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China H1 Fruit Trade Data: Imports Rise, Exports Fall
China’s Ministry of Agriculture and Rural Affairs on August 1 released detailed data on the import and export of agricultural products into the mainland for the first half of the year. The data showed a modest overall decrease in exports and increase in imports, year-over-year (YOY). In the case of fruit, the discrepancy was much stronger, with a large decrease in exports and continuing surge in imports.
According to the statistics from the Ministry of Agriculture, China’s total trade in agricultural products in the first half (H1) of 2019, was worth $108.7 billion, a year-on-year increase of 1.4%. Among this figure, the value of China’s agricultural products exports was $36.8 billion, a YOY fall of 2.5%. Imports stood at $71.8 billion, a YOY increase of 3.5%. China’s H1 2019 trade deficit in agricultural products was $35 billion, increasing by 10.6%, YOY.
China’s exports of fruits dropped 21.3% in value YOY to $2.47 billion. Meanwhile, imports rose 27.4% YOY to $5.98 billion—although the pace of growth in import value slowed somewhat from an increase of 35.5% over the same period from 2017 to 2018. China’s H1 trade deficit in fruit rose to $3.51 billion, a 30% increase over the same period last year.
China’s top five imported fruit categories by value during the first half of 2019 were durian, cherries, grapes, bananas and citrus, while the top three exports were citrus, apples and pears.
China H1 2019 Fruit Import Details
China imported 358,000 tons of durian in H1 2019, with a value of $963 million—taking over the top spot from cherries. The volume and value figures increased YOY by 54.2% and 53.1%, respectively. Thailand accounted for over 98% of China’s durian imports.
Cherry imports to China in H1 2019 slipped slightly from a year earlier to 133,000 tons with a value of $917 million, respective YOY drops of 6.1% and 3.8%. Imports of Chilean cherries were valued at $873 million, a slight YOY drop of 0.96%. US cherry imports, meanwhile, tumbled to 1,685 tons with a value of $14.2 million, respective slides of 65.2% and 67.6%. (The Chinese tariff on US cherries has risen from 10% to 50% over the course of the ongoing US-China trade dispute.) The first half of this year also saw the first ever imports of Argentinian and Turkish cherries to China, although in small volumes.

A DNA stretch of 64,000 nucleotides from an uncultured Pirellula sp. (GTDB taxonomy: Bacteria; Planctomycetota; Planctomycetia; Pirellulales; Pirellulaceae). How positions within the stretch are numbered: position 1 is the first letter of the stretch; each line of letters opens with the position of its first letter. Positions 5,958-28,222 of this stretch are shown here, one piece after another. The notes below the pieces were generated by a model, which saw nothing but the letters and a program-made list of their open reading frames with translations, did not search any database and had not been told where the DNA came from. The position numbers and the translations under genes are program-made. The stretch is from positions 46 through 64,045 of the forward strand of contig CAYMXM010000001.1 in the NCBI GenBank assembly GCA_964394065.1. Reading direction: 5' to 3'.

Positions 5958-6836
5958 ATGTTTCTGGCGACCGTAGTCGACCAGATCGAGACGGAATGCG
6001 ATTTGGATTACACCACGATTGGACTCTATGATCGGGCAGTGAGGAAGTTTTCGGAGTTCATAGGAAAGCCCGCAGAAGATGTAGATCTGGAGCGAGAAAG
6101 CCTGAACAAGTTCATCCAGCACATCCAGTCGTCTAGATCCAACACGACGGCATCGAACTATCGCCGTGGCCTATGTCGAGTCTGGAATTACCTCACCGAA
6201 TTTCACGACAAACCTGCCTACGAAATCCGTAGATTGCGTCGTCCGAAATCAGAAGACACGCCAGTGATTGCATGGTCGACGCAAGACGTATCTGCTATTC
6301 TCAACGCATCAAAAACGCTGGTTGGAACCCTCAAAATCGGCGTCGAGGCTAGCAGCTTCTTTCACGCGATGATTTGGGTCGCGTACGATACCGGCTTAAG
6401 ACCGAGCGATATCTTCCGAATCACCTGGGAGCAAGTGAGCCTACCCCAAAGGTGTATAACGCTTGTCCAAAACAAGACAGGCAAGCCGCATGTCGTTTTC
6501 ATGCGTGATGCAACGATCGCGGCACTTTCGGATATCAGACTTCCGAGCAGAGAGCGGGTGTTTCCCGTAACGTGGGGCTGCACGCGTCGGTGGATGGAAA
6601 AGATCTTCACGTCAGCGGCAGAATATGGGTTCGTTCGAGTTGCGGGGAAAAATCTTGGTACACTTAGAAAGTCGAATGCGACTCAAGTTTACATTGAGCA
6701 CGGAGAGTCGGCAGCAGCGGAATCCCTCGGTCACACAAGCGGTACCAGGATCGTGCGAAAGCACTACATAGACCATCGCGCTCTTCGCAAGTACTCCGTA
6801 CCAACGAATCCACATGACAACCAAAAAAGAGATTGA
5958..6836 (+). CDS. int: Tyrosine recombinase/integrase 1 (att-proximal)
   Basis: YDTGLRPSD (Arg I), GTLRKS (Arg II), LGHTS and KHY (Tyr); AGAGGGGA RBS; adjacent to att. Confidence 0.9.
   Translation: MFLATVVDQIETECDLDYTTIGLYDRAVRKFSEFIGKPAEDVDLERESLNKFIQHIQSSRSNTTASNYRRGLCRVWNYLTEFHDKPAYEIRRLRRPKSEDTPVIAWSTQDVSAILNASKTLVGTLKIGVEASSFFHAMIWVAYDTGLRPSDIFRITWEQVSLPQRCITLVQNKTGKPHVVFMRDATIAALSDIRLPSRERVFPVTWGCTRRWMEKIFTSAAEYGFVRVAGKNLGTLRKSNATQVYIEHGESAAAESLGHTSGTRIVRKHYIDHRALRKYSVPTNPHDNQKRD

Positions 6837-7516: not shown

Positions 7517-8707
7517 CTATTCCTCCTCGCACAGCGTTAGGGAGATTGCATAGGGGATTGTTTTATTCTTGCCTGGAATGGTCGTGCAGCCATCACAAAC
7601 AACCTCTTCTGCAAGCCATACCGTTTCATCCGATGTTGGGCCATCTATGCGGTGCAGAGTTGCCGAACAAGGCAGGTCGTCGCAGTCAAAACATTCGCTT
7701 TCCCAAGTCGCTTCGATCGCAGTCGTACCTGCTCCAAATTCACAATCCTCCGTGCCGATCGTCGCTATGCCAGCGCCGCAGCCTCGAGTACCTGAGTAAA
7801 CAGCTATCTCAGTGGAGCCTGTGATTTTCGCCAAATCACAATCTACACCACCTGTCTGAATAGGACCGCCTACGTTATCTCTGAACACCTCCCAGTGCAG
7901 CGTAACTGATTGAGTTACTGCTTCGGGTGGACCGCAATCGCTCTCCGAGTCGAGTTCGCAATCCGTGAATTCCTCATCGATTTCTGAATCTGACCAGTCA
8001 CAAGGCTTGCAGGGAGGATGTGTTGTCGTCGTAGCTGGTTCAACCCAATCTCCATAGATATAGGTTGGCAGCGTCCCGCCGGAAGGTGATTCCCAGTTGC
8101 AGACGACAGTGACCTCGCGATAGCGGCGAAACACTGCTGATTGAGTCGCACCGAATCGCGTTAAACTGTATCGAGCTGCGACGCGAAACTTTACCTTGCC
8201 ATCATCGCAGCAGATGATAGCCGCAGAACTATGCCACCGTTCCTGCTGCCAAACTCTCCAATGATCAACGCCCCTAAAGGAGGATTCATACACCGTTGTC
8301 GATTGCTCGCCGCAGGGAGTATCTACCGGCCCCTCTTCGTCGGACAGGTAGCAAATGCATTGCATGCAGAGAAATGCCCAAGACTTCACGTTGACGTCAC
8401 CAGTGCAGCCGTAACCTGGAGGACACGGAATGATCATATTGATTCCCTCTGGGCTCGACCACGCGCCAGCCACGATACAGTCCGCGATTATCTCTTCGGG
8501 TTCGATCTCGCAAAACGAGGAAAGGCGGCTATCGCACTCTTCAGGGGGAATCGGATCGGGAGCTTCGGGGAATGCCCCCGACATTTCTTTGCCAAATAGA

Imports of fresh grapes to China in H1 2019 were up in volume by 13.6% YOY at 247,000 tons and up in value by 15% at $625 million. Chile remains China’s largest table grape import supplier, with a volume of 107,000 tons accounting for 39.6% of China’s imports. But Peru saw a strong YOY volume growth of 52.1% to 6,340 tons, enough to overtake Australia as the number two supplier of grapes to China by volume.
Imports of bananas in H1 2019 sustained an increasing trend. China imported just over a million tons of bananas with a value of $608 million, YOY rises of 46.2% in volume and 44.4% in value. The Philippines is China’s largest supplier of imported bananas, supplying 563,000 tons over the first half of the year. Ecuador and Vietnam also had big increases in exports of bananas to China. Imports of bananas from Ecuador rose 137% YOY to 219,000 tons, while imports from Vietnam rose 150% YOY to 163,000 tons.
China’s imports of citrus in H1 2019 rose 30% by volume to 281,000 tons and 3.5% by value to $253 million—a notable weakening in price. In the citrus category, the biggest item by volume was Egyptian oranges, with imports of 172,000 tons worth $114 million—respective YOY rises of 92.3% and 76.4%. Imports to China of US oranges, meanwhile, dropped YOY 52.6% by volume and 55.7% by value. South African grapefruit imports performed very well in China, rising 64.2% by volume to 16,700 tons and by value 47.1% to just over $17 million.
China H1 2019 Fruit Export Details
In the first half of 2019, citrus overtook apples as China’s top fruit export category by volume. Exports of citrus were up YOY by 1.12% to 376,000 tons volume-wise, and up 0.88% by value to $505 million. The citrus type with the largest volume was mandarins, with 263,000 tons of exports accounting for 69.9% of the total. China’s highest value citrus export during this period was lemons, with a value of $1,945 per ton. The lowest value citrus export was pomelo, with a value of $815 per ton.
China’s apple exports fell substantially in H1 2019 compared to a year earlier: the export volume was down 47.7% to 329,000 tons, with value dropping 40.9% to $423 million. The major reason for the drop in exports was low production during the 2018 season, which led to tight supply and high prices within China.
Exports of pears dropped YOY 43.1% by volume to 141,000 tons and 33.1% by value to $183 million in the first half of the year. As with apples, exports were constrained by low domestic production last season and a resulting tight supply. Indonesia, Vietnam and Russia were the main destinations for Chinese pears.
It is likely China’s current trend of falling fruit exports and rapidly expanding fruit imports will carry through the second half of the year. Long term prospects for the growth of China’s fresh fruit imports look good. Middle class consumers have started to become habituated to consuming high quality imported fruit throughout the year. Furthermore, China’s “Belt and Road Initiative” and continued negotiation of free trade treaties and import phytosanitary protocols with other countries will improve infrastructure links and reduce tariffs—opening up new sources of imported fruit supply over coming years.
Image: Maersk Line via Wikimedia Commons
This article is a translated, edited version of an article that originally appeared in Chinese and can be viewed here.
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